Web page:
[English]

    We are still exploring that right now. I think we could provide you with a general outline of the types of areas where regulations will be required.
    Yes, please.

[Translation]

    My other question is about the costs, but from a different angle than my colleague was looking at when he asked his question.
    People in Quebec City are very happy with the news, but they are concerned about who will have to pay for it. The airport authority has said that it is disappointed to find out that it has to foot the bill whereas, in Montreal, the bill was paid by someone else.
    Can someone tell us who is going to pay to install the facilities and what impact will that have on the customers?

[English]

    As I mentioned, the current pre-clearance operations are protected from cost recovery. That was one of the elements in the negotiations over a number of years. The U.S. is pursuing global pre-clearance, and they're applying cost recovery in all their operations. In fact, they're obligated to by Congress. Cost recovery is being applied to any of the new sites that are under discussion. Ultimately, it will be again the decision of the airport authority as to whether it makes economic sense for them to pursue pre-clearance and to explore for themselves what kinds of arrangements they may need to make in order to ensure that those costs can be covered.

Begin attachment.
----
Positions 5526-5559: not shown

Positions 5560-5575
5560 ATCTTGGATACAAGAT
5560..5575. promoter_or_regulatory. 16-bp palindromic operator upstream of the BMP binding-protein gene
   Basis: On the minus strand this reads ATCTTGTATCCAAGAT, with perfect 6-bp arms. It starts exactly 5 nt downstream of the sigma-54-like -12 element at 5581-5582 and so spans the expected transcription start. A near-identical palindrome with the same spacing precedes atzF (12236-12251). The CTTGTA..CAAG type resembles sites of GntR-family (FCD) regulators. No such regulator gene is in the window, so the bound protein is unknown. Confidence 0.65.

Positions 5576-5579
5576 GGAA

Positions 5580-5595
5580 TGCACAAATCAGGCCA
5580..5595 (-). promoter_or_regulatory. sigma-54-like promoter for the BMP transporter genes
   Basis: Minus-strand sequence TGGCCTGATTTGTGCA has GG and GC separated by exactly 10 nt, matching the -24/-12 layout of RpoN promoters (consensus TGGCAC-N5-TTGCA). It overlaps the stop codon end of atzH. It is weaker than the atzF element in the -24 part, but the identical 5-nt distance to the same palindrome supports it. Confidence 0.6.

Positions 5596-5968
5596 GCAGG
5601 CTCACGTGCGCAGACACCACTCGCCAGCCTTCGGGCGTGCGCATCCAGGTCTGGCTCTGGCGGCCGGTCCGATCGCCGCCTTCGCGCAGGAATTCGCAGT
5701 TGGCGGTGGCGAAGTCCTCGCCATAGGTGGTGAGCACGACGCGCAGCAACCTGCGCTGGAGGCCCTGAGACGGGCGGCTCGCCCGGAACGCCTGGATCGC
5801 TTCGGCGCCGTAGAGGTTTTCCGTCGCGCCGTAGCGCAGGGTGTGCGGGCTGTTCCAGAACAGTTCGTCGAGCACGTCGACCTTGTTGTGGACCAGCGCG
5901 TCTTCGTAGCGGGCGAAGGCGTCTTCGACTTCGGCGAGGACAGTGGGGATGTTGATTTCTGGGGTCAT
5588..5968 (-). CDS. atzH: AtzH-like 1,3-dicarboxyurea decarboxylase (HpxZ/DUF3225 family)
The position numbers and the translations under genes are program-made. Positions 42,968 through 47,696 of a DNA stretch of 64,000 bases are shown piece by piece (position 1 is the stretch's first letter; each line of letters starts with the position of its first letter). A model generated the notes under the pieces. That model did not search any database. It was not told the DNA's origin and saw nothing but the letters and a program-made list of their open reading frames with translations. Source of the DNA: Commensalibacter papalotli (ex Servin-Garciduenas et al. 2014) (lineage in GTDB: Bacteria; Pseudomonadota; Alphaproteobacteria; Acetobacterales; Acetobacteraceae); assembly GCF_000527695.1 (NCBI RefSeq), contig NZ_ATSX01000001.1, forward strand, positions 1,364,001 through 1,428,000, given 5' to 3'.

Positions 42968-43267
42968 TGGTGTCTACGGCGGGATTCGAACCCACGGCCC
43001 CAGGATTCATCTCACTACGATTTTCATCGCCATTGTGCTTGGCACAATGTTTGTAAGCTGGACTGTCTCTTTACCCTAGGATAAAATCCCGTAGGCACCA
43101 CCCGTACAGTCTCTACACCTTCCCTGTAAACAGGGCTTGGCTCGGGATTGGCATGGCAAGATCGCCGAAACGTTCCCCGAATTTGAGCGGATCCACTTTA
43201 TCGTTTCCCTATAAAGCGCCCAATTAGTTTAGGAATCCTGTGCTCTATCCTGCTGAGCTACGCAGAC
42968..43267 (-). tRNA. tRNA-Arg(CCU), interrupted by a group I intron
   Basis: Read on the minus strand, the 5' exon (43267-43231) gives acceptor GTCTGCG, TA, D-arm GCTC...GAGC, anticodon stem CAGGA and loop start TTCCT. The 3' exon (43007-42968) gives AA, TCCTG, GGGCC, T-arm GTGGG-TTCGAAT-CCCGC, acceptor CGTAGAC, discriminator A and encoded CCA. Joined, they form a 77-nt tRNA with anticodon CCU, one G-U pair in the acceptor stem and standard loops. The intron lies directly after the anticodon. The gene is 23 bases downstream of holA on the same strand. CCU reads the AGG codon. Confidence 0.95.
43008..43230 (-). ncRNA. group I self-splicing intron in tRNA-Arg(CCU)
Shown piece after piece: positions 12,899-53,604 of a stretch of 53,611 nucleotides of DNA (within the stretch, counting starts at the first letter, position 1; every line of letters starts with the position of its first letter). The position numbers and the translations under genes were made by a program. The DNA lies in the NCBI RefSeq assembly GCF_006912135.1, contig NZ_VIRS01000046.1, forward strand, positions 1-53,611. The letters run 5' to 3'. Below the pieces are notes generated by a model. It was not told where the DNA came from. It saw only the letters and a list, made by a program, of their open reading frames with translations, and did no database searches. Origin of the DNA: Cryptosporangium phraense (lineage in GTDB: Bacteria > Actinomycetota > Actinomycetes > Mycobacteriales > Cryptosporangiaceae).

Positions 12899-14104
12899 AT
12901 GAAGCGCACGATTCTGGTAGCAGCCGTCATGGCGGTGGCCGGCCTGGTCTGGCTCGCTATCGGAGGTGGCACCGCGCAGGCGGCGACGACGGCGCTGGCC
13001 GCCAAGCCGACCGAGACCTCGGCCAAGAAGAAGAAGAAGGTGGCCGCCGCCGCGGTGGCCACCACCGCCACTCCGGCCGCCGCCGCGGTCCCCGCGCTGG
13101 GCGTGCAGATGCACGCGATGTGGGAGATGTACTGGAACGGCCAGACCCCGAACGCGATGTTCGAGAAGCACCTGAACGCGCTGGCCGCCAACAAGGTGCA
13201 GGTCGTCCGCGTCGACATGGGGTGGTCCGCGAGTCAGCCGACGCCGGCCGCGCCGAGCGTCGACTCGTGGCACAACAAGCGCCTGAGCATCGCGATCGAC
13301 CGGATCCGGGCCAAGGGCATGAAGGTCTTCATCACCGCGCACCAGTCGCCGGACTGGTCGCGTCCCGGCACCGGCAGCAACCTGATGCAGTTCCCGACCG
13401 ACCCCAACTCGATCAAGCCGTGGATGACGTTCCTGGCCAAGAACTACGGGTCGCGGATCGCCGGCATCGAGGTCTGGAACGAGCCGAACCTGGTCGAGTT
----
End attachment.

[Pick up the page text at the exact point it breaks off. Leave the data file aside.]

Maybe this question is better suited for Transport Canada. Is there any study being done of whether or not the federal government will be at all involved in helping alleviate those costs for some of the airports that maybe think it's disappointing that Montreal and Toronto didn't have to pay them, but they're getting tapped in that sense?
    Just to break it down, there are two fundamental kinds of costs. There's the infrastructure costs, and that's for building equipment and counters and that kind of stuff. All facilities have in the past paid for those, and all facilities in the future will continue to have to pay for those. Those have always been facilities-based.